SOLOPASS® system by inTRAvent Medical Partners LP, a medical device company dedicated to bringing intra-operative imaging and navigation to the bedside to improve neurosurgical procedures, today announced FDA 510(k) clearance for aiding in the frontal placement of intra-ventricular catheters.
SOLOPASS is designed to provide imaging and guidance to improve the placement of external ventricular drains (EVDs), one of the most common and lifesaving procedures occurring in neurointensive care.
Although intra-operative neuro-navigation is commonplace in the operating room, the standard of care practiced in the intensive care unit and emergency room has changed very little in more than a century, and is entirely reliant on physicians’ experience and knowledge of the brain’s intricate anatomy. In many cases, the intracranial anatomy is distorted, (a phenomenon known as “brain shift”), due to excess cerebrospinal fluid, traumatic brain injury, cerebral edema, and other conditions in which the pressure within the skull can reach dangerous levels. Without the aid of contemporary guidance technologies, these conditions make bedside EVD placement challenging – even for highly skilled practitioners.
SOLOPASS allows caregivers to visualize the ventricular system, deep within the brain, to enable precision planning and guidance. The system uses 2D and 3D ultrasound imaging, artificial intelligence, and trajectory guidance for intra-procedural localization and navigation. Imaging occurs at the point of procedure, eliminating the potential for brain shift that may affect the accuracy of conventional neuro-navigation systems.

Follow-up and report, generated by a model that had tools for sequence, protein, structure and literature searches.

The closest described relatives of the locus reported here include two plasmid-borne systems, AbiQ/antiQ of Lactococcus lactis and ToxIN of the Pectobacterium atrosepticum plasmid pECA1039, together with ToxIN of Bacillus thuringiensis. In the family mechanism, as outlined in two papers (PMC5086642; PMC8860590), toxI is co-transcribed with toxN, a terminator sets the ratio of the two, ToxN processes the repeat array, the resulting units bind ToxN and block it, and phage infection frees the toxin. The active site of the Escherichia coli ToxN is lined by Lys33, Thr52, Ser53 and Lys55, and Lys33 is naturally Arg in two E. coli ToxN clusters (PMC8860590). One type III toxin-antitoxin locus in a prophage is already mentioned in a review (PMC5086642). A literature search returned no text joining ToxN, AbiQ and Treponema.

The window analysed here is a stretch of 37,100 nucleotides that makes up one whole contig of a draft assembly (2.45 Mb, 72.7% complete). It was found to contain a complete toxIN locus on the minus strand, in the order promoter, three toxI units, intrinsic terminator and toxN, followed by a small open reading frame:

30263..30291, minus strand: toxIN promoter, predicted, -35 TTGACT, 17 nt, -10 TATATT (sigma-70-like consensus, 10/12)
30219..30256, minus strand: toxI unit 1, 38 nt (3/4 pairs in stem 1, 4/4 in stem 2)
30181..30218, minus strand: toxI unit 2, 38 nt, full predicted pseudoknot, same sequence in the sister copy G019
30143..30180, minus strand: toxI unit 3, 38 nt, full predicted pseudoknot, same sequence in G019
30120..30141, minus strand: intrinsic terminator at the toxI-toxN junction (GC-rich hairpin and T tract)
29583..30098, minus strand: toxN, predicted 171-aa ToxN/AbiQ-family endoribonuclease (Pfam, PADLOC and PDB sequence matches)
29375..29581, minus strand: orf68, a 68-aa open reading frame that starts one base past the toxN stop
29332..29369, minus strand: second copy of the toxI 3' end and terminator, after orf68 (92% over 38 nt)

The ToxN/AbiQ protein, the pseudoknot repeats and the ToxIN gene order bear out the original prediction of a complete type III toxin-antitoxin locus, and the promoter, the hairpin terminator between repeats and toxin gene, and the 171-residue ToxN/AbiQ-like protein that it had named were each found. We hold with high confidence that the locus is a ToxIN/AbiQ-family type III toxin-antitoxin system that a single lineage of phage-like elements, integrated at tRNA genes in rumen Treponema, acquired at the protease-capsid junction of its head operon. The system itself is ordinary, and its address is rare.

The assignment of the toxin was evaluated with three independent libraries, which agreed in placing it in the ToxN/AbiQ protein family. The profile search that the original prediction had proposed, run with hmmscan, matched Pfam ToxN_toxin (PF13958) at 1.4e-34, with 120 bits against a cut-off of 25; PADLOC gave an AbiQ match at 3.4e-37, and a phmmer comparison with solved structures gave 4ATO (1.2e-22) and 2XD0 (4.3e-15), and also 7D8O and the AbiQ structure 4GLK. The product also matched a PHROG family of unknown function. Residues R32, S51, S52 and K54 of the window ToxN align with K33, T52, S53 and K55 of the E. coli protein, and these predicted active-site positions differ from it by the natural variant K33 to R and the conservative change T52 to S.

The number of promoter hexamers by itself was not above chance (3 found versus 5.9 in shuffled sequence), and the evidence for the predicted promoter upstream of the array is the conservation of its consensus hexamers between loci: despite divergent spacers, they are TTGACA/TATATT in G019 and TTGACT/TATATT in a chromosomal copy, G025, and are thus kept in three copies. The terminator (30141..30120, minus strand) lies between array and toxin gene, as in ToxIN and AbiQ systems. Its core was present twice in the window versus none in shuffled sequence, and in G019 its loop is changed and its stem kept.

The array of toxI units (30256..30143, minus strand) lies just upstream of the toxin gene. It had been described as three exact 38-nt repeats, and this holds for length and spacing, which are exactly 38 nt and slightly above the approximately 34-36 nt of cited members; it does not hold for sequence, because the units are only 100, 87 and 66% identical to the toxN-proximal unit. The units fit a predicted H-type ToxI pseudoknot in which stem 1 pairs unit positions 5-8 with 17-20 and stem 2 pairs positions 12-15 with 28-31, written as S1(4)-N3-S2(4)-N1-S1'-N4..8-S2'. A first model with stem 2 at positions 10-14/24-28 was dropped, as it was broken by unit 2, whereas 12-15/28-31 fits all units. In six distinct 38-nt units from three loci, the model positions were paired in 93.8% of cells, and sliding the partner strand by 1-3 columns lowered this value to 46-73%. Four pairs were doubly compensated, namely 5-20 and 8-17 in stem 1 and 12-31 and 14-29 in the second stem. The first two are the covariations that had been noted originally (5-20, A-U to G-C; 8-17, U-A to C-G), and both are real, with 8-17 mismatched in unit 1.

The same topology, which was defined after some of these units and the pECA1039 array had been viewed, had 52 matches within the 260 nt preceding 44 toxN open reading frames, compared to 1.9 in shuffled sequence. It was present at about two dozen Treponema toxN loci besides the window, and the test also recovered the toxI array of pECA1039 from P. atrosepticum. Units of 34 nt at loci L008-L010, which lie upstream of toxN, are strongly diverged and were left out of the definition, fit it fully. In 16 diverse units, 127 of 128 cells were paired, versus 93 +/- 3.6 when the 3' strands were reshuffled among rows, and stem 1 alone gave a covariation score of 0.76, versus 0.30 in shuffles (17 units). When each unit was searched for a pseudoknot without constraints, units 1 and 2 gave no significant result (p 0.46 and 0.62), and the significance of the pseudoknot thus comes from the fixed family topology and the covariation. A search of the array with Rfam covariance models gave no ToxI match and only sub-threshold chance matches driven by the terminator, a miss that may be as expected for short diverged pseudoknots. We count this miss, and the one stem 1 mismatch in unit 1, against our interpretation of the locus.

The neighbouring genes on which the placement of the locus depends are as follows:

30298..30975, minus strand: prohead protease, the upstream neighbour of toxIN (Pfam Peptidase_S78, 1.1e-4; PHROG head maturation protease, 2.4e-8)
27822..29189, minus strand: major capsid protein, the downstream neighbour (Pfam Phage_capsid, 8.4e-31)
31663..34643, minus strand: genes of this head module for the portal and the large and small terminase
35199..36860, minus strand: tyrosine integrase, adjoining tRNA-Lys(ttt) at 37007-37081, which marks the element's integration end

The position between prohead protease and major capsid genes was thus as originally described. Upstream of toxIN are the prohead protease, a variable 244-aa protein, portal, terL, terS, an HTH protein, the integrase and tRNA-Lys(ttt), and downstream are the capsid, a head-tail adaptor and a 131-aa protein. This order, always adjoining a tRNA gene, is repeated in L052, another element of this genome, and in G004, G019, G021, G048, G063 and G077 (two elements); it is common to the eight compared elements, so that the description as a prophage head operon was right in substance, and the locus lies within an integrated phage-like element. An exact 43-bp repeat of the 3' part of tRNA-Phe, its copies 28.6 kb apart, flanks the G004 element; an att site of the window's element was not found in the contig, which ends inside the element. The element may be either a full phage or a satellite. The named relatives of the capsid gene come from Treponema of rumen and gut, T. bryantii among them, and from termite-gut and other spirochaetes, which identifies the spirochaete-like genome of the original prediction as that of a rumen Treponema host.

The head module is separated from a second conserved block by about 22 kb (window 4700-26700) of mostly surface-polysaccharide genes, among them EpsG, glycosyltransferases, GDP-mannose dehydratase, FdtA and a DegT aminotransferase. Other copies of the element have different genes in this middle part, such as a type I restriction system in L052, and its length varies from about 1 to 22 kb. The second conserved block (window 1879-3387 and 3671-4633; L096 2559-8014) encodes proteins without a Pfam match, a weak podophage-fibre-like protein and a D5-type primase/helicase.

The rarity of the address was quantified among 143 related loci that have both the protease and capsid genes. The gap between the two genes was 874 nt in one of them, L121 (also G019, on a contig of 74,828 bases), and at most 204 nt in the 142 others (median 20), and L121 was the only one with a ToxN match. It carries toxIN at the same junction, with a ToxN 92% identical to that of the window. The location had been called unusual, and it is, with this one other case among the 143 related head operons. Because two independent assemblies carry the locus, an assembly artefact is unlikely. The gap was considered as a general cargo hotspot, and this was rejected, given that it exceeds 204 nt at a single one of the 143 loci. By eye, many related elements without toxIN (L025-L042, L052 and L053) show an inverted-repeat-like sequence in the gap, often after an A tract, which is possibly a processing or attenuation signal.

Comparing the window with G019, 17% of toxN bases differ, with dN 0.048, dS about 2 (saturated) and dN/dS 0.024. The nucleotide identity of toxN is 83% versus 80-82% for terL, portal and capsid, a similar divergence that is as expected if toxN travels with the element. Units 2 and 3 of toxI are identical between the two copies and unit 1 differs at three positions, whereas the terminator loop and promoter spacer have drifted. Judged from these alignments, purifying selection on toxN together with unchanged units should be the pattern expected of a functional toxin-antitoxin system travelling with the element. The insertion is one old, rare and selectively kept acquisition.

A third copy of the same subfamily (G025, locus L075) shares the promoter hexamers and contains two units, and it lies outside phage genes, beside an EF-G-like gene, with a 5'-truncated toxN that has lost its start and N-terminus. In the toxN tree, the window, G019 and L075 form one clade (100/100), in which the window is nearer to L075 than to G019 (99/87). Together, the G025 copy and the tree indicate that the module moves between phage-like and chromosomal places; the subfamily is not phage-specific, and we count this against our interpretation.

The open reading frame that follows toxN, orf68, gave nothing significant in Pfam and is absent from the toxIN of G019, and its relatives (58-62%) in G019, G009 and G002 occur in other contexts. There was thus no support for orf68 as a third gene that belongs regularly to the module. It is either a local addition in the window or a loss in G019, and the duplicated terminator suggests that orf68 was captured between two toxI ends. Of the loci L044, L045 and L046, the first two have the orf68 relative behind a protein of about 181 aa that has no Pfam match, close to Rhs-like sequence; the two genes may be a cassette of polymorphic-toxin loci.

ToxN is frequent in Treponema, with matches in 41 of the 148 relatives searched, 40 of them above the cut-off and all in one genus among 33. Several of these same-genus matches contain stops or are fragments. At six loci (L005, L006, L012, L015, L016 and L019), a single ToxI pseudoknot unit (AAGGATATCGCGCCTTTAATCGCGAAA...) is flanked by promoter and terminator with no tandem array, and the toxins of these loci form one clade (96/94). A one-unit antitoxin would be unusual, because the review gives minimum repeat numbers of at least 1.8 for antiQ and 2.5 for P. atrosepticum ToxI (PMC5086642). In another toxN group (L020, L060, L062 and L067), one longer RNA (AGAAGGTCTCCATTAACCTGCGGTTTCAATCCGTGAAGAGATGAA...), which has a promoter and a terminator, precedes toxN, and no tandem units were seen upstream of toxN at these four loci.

“Early on in my career, I lost a patient I was caring for as a result of EVD complications,” said inTRAvent co-founder and Chief Medical Officer Dr. Will Hazard, who first conceptualized the technology. “Our aim has always been to advance the standard of care for this all-too-common, unsolved problem.”
“The technique for external ventricular drainage has not changed in 100 years. SOLOPASS is the first major advance in how we perform these invasive brain procedures. I believe it is potentially a game changer, particularly for patients with distorted anatomy,” said Dr. Aaron Cohen-Gadol, Professor of Neurological surgery and Director of Neuro-oncology at the Indiana University School of Medicine and founder and CEO of The Neurosurgical Atlas.
“Throughout my career, I have watched neuro-navigation become the standard of care in neurosurgical operating rooms, while growing increasingly frustrated that in the ICU and at bedside, we are still performing brain procedures ‘free-hand,’ using only surface landmarks,” added Dr. Michael Oh, Professor & Vice Chair of Education at the University of California, Irvine. “I’m confident that, by bringing neuro-navigation into these settings, we will expand the scope and breadth of neuro-critical care and provide our patients with better and earlier life-saving interventions.”
“There’s been an increasing focus on bettering patient outcomes while improving healthcare economics. SOLOPASS represents a significant advancement in the treatment of these critically ill patients, and we believe it can potentially reduce downstream healthcare costs associated with lengthy stays in the ICU,” said inTRAvent co-founder and CEO Adam Barner.